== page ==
Why trading Chris Tanev is a must for Canucks

This Friday’s NHL draft will prove to be vital for the future of the Vancouver Canucks.

We may not see the full-scale effects of the draft until a few years down the road, but make no mistake about it, how the Canucks handle the Chris Tanev situation will be crucial.

Plain and simple, if Tanev isn’t dealt, the Canucks will be in the exact same spot two years from now wishing they had dealt him. The deal can’t wait, figuratively, and literally. Come July 1st, Chris Tanev’s “No Trade Clause” kicks in, and the Canucks hands will be tied when trying to trade him in the future.

Not to say Chris Tanev’s game won’t help the Canucks on the ice— but honestly, Chris Tanev’s game won’t help the Canucks, period.

He’s a fantastic defensemen, and under rated by many, any team that acquires him will instantly add a puck moving, smart, reliable, durable, stick-on-puck blue-liner, and the Canucks can afford to give that up. His value isn’t so much what’s on the ice, I mean, he will be Vancouver’s top pairing guy and definitely help win games, but that’s not what the Canucks are really in need of at the time. Instead, where Tanev’s true value lies is on the trade scale. By trading him, the Canucks get back young studs who may potentially be available, or possibly another pick in the top 5.

Sure, the Canucks may be losing possibly their top blue-liner, but at this stage in the Canucks rebuild, who cares? Invest in the future.

Assuming Luca Sbisa is taken by Vegas, and Tanev is traded, the Canucks blue-line could be as follows: Edler, Stecher, Hutton, Gudbranson in the top 4. Newly signed Phillip Holm who may make the team straight out of camp, and possibilities of Juolevi, Subban, Pedan, McEneny, Chatfield, and probably a UFA that the team signs.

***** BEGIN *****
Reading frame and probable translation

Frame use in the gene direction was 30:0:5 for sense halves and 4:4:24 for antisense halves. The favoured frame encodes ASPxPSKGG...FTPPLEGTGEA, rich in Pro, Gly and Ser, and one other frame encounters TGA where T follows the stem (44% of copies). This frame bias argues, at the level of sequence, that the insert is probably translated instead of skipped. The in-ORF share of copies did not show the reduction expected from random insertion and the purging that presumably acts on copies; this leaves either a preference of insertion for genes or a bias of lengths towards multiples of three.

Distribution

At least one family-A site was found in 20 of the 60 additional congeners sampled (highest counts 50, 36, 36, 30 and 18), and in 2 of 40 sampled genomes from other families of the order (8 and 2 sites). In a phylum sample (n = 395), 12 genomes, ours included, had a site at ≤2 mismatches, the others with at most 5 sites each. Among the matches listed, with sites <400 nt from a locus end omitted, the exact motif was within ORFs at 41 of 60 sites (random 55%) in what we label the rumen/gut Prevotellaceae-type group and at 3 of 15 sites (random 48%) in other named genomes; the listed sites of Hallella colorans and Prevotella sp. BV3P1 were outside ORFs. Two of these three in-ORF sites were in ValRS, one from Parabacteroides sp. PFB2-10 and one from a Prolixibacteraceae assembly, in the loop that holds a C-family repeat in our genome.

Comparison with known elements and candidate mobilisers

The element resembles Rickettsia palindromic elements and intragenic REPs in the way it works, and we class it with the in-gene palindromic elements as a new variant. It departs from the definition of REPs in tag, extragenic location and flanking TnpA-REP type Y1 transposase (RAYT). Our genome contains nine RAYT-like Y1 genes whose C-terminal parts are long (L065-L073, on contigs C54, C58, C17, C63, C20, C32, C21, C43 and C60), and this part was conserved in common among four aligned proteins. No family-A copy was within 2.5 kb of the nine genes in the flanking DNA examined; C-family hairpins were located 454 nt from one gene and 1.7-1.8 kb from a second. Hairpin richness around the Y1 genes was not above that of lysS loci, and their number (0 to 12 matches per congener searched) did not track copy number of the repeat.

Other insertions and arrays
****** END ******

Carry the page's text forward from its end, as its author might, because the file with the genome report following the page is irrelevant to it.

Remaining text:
Not really the best D-core at all, but again, the Canucks aren’t looking to be competitive.

But you know who are?

The Dallas Stars. Perhaps the 27-year-old blue liner who has an attractive $4.45 million cap hit for the next three seasons can make his way over to Texas to help the Stars finally get over the hump. Dallas is definitely addressing their D-core. It started when they brought back Ken Hitchcock as the teams new Head Coach to play a more defensive style, and continued when G.M Jim Nill pulled the trigger in acquiring star goaltender Ben Bishop from the L.A Kings. Adding Chris Tanev to help the 29th rated defence and 30th ranked P.K could help the Stars return to the post-season and show their true potential. Dallas is currently choosing at the number 3 spot in the draft, and if Jim Benning can strike a deal with Nill to move up to the third pick, may be a big plus for the Vancouver Canucks. Having two picks in the top 5 could add some serious depth to Vancouver’s prospect pool, which could potentially add another top chip blue-liner in Cale Makar, and a top centre in either Casey Middlestadt, Cody Glass, Gabe Vilardi, or Elias Pettersson. Maybe the Canucks can even pick up the contract to either Anti Niemi or Kari Lehtonen to help sweeten the deal?

Another market the coveted D-man could land is Montreal. The Habs just gave up a promising defensive prospect in Mikhail Sergachev to acquire gifted forward Jonathan Drouin. Alex Galchenyuk has been a name thrown around that may be on his way out of Montreal, and perhaps a defensemen-forward swap could be imminent. Galchenyuk, 22, has yet to reach the 60-point mark in his career, however has had a 30 goal, 56-point campaign two years ago, which may only improve.

I’m no G.M, but I don’t need to be one to know that moving Chris Tanev is the right move for the future of the Vancouver Canucks.

Let’s see how this all plays out in one of the NHL’s most anticipated off-seasons.